With Olympic fever now upon us, over the next couple of weeks we will have a look at the sporting events involving horses. In addition to explaining briefly what each of the three competitions involves, we will also look at their origins.
As it’s the first equestrian event to kick off, we start by looking in more detail at “eventing”, following next week with the specifics of dressage and show jumping.
Eventing actually encompasses the other two disciplines, combining the elegance and balance of dressage, the fitness, bravery and trust of cross country with the technical skill and precision of show jumping.
It was originally developed by the military to help with cavalry horses’ preparation and to test both officers and horses. It was also useful in allowing the cavalries of different countries to compare their training standards.
During the Olympics, the eventing will take place over four days. The first two days of competition involve the horses performing a set routine of various technical movements in front of a panel of judges; this is known as a dressage test. It takes place in an arena and each individual movement is scored and converted into penalty points (so the lower the score the better).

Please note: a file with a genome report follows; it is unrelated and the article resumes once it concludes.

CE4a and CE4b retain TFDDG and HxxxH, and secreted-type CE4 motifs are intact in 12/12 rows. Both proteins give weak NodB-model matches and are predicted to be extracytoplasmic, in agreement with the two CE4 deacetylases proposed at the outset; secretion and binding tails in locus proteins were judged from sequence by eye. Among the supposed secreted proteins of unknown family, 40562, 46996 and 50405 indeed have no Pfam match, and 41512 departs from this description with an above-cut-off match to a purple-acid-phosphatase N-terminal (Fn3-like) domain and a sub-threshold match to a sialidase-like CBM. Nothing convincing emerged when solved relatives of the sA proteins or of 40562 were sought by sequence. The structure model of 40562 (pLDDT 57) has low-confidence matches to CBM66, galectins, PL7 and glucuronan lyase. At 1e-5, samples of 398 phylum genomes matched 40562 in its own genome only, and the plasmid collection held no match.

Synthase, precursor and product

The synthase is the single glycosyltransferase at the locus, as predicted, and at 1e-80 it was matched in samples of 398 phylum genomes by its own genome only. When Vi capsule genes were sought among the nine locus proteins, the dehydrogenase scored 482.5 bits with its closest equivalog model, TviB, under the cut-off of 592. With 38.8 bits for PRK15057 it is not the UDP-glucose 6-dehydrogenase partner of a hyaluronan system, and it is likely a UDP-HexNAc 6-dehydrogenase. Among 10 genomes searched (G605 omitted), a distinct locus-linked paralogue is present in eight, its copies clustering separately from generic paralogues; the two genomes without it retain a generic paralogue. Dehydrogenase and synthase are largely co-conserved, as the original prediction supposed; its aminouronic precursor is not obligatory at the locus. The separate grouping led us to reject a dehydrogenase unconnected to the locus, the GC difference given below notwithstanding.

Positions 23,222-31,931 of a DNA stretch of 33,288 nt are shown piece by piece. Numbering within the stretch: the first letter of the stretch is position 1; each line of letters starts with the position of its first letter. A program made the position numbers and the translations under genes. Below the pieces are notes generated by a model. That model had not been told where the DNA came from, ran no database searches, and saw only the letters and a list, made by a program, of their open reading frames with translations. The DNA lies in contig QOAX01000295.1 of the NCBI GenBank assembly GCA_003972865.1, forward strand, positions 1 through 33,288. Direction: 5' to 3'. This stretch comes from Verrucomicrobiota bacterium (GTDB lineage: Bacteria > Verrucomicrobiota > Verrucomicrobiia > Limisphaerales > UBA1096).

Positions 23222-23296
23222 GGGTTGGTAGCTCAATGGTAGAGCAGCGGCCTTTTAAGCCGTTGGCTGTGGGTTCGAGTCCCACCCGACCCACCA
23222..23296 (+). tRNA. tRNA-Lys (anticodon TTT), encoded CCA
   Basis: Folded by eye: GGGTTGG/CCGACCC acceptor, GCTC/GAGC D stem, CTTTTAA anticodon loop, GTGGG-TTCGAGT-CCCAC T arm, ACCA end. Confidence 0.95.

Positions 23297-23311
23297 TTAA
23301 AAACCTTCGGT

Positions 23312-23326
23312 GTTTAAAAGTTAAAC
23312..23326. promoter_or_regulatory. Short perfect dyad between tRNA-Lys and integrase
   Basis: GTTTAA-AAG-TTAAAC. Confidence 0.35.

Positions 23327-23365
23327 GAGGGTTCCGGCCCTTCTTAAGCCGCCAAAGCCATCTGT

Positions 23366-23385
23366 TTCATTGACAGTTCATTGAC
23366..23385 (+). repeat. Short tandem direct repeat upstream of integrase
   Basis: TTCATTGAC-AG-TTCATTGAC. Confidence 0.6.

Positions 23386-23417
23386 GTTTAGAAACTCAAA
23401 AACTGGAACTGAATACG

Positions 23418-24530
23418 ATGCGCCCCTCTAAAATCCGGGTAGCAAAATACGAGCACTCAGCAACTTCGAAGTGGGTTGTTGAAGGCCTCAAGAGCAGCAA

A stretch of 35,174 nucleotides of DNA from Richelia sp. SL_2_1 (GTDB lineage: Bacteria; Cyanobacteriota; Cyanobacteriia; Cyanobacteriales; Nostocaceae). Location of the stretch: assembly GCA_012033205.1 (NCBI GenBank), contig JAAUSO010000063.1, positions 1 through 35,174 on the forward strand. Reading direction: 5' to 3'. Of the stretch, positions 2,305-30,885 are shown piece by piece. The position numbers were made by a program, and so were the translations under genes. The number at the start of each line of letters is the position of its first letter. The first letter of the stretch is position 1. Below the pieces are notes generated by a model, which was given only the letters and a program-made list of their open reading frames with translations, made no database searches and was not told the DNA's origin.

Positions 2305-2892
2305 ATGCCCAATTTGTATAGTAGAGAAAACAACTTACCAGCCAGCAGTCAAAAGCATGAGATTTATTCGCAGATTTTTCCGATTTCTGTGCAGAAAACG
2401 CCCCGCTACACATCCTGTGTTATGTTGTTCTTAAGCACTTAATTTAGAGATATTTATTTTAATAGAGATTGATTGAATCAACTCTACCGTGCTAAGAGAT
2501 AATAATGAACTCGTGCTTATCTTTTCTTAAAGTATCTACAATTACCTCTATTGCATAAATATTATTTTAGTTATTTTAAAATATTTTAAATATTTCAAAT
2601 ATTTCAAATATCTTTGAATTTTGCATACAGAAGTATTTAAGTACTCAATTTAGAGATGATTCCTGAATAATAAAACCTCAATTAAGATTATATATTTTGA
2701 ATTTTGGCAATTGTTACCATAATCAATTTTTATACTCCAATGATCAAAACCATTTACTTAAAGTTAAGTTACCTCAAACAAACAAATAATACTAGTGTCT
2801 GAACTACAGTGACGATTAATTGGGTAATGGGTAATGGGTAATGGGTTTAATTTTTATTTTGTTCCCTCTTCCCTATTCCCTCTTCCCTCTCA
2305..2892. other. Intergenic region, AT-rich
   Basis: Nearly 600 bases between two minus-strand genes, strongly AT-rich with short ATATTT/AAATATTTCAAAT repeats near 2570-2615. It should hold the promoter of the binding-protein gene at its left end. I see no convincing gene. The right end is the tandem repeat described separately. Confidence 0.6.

The dressage score is carried through to the next stage of the competition on day three, the cross country phase. This is often the most interesting part to watch and will be held in the beautiful grounds of Greenwich Park for the London 2012 Olympics.
A series of approximately 40 jumps are positioned over roughly 6km. The jumps are imposing and substantial, with the majority designed not to have components (such as poles) that will fall if knocked. Most are natural looking like huge logs, banks and ditches or ones involving water and have areas of grass for flat-out galloping in between.
Judges sit at each fence to look for any jumping errors such as refusing to jump or running out (darting to one side rather than going over), with penalties added if any occur. To avoid other penalties, the course has to be completed in the optimum time.
Elimination from the total competition occurs for a number of reasons such as a horse and/or rider fall, exceeding the time limit (this in much longer than the optimum time) and a third refusal or run-out.
The last phase is the show jumping on day four. For this stage a different set of jumping skills are required than in the cross country phase.
Precision is needed as the jumps are much less substantial, with poles that can be knocked off easily, and because it takes place within an arena the turns are all tighter. The penalties from the previous days are brought forward and for every fence with a pole knocked down, refusal or run-out more are added to it with elimination still possible at this stage.
The gold medal and all the work of the last three days can come down to one pole being lightly brushed off the jump by a horse’s trailing foot, which makes the climax of competition very exciting.
Riders compete for both individual and team medals at the same time. Each country can have five rider/horse combinations, with only the three highest scoring being counted. After the team event results are decided, there is a second show jumping test to determine the individual medal places.